Sheri Benning grew up on a farm in central Saskatchewan. During her lifetime, agriculture on the prairies shifted from farms like her family’s 160 acres to ones measured in thousands of acres and cultivated by industrial methods. This powerful book, written with intelligence, love and artistry, is a requiem for a lost landscape, way of life, and community, as well as lost individuals—family, friends, and community members. It is also a heartfelt critique of exploitative techniques that destroy so much in bringing abundance to market.
Blaine Marchand has produced a loving elegiac memorial to his mother who lived for over a century (1913-2016). Kathleen Dorothy, a childhood victim of diphtheria (“the strangling angel”), claimed to have had “a long and lucky” life, though she and a younger brother, Robert, were placed in an Ottawa orphanage after her parents separated and their mother had fled to Montreal. “Adopted” by the Irishes (who had seven children of their own), she learned etiquette, enunciation, and deportment before she graduated in 1931 from Rideau Street Convent, eventually marrying and starting her own large brood. This three-part story is one of perseverance and love: the first (covering 29 years) being Kathleen’s point of view as projected through the poet; the second (spanning the next 12 years) being the poet’s lyrical remembrances; and the third (the mother’s final three years, darkened by old age and the spectre of death) serving as a moving document of last days, where time and memory also reach a point of exhaustion with the dying mother.
Bardia Sinaee’s Intruder is honest and evocative, built from his experiences and ideas into a meticulously curated collection of poems. Intruder quickly characterizes Sinaee’s style as one filled with succinct imagery, a fact that repeated like a mantra as I read and reread the collection. Within a few lines or a single phrase, the speaker of the poem brings the reader exactly where Sinaee needs them to be.
From “The Functions,” in “III: The Lost Children:” “The father is not sure where he stands. He knows there can be changes to the story. Someone will dispatch. Someone will depart, though we cannot be sure who.”
In The Wig-Maker, Janet Gallant’s tragic and transformative memoir-as-serial-poem written in collaboration with award-winning poet and editor Sharon Thesen, the art of wig-making anchors the text as both vocation and metaphor for healing and self-creation. A kind of time-travelling polyphonic bildungsroman, The Wig-Maker narrates a story of graphic violence, sexual abuse, racism, and parental abandonment that is shocking both for its plain-spoken depictions and for its desire to understand the human beings who commit these brutal acts: “My whole life I’ve had this yearning / but loss just comes” (“questions unanswered”). Gallant sings the “moan” of her life and the life of her family through the lyric lineation of Thesen’s verse, like a libretto for an opera soon to be composed.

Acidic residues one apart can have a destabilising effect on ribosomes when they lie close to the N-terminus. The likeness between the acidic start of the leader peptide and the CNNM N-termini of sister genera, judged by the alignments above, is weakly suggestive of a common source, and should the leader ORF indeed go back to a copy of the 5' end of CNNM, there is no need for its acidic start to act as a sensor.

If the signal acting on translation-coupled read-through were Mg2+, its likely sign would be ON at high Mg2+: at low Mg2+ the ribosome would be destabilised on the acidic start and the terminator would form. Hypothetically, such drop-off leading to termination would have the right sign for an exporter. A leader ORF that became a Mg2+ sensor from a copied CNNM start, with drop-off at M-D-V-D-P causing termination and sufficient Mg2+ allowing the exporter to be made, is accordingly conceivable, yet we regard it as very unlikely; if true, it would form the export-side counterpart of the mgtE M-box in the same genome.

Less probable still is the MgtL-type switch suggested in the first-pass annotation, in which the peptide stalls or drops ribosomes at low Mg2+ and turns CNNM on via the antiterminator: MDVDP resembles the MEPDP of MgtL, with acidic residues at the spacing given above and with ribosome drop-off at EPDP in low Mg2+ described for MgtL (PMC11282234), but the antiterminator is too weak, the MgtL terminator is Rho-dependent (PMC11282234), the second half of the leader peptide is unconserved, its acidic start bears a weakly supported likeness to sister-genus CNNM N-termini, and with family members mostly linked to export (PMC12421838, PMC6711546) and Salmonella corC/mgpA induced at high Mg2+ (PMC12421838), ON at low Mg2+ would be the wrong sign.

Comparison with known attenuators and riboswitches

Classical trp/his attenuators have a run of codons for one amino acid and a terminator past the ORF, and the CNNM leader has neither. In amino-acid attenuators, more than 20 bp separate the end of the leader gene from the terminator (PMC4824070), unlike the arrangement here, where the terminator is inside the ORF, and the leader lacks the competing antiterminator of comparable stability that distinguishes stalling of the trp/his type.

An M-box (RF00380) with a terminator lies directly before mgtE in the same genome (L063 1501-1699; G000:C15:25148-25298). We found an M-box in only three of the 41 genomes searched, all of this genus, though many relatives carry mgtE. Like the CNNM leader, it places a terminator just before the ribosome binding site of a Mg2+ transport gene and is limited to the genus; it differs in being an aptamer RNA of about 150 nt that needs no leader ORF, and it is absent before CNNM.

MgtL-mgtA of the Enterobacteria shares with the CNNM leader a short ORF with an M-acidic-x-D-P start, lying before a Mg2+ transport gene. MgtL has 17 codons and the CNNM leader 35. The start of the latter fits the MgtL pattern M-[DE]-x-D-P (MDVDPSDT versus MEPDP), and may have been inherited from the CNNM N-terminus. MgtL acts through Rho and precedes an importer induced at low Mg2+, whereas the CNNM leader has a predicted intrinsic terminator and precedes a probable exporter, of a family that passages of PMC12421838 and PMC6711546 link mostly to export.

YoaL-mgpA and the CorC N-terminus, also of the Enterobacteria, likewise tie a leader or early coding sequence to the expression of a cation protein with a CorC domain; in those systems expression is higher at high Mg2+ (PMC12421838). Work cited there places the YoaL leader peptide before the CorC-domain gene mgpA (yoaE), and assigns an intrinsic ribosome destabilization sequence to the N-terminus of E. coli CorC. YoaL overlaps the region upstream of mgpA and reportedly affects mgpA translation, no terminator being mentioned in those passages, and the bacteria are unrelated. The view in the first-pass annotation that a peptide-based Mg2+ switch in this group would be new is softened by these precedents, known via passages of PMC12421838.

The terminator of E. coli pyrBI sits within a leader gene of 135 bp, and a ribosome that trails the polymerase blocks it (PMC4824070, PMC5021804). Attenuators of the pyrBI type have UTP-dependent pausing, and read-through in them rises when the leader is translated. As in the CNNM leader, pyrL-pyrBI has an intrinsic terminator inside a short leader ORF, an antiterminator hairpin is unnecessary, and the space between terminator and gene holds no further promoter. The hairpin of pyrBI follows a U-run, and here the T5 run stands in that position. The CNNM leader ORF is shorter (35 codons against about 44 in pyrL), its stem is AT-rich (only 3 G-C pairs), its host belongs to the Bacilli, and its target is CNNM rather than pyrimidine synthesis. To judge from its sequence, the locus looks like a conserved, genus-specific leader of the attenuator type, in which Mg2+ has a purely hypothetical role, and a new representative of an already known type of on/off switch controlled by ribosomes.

Award-winning Cree poet Louise B. Halfe – Sky Dancer tells the stories of awâsis (which means illuminated child), weaving tales of child-like humour and Indigenous resistance in her latest collection of poetry, awâsis – kinky and dishevelled. The Cree language has no pronouns for gender, so the shape-shifting awâsis is simply allowed to be and to play in their complexity—as a trickster, a healer, a joker, a nuisance, and an inspiration. Halfe prioritizes the authentic expressions of awâsis regardless of the confines of language or respectability, revealing an unapologetic mischievous trickster of an alter ego.
I live at the corner of the local freight yards, stacked with hulking boxes in sun-bleached oranges and greys, sprawled against the train tracks which cross along its border and over the river. It is at this intersection that I envision the setting for Natalie Hanna and Liam Burke’s joint chapbook machine dreams, published through Collusion Books in May of 2021.
Jude Neale’s ninth book of poetry, The River Answers, is a beautiful testament to the human spirit, the delicate relationships we form with friends and family, and our finding the humanness in one another when things go awry. Her language is evocative, drawing our attention beyond the obvious while at the same time asking us to stay with her in moments that are heartfelt and seemingly ordinary. An accomplished opera singer in another life, it is no surprise to find her words become lyrical rhythms beating out the essence we all are searching for in these difficult times.
Conor McDonnell’s debut collection, Recovery Community, portrays a powerful sense of empathy that is “held down / by stones in pockets” (The Scalded Sea). In cycles of addiction, obsession, and recovery, there is both cause for optimism and a sense of impending doom, knowing that even when the afflicted are on the way to breaking the cycle, “This will never end // There is always / more to come” (Rebar).
Many writers have tried to write about pain, or the difficulty of writing about pain. Phantompains, while not a meta-text that directly addresses these difficulties, nevertheless creates frameworks to talk and write about this sensory experience.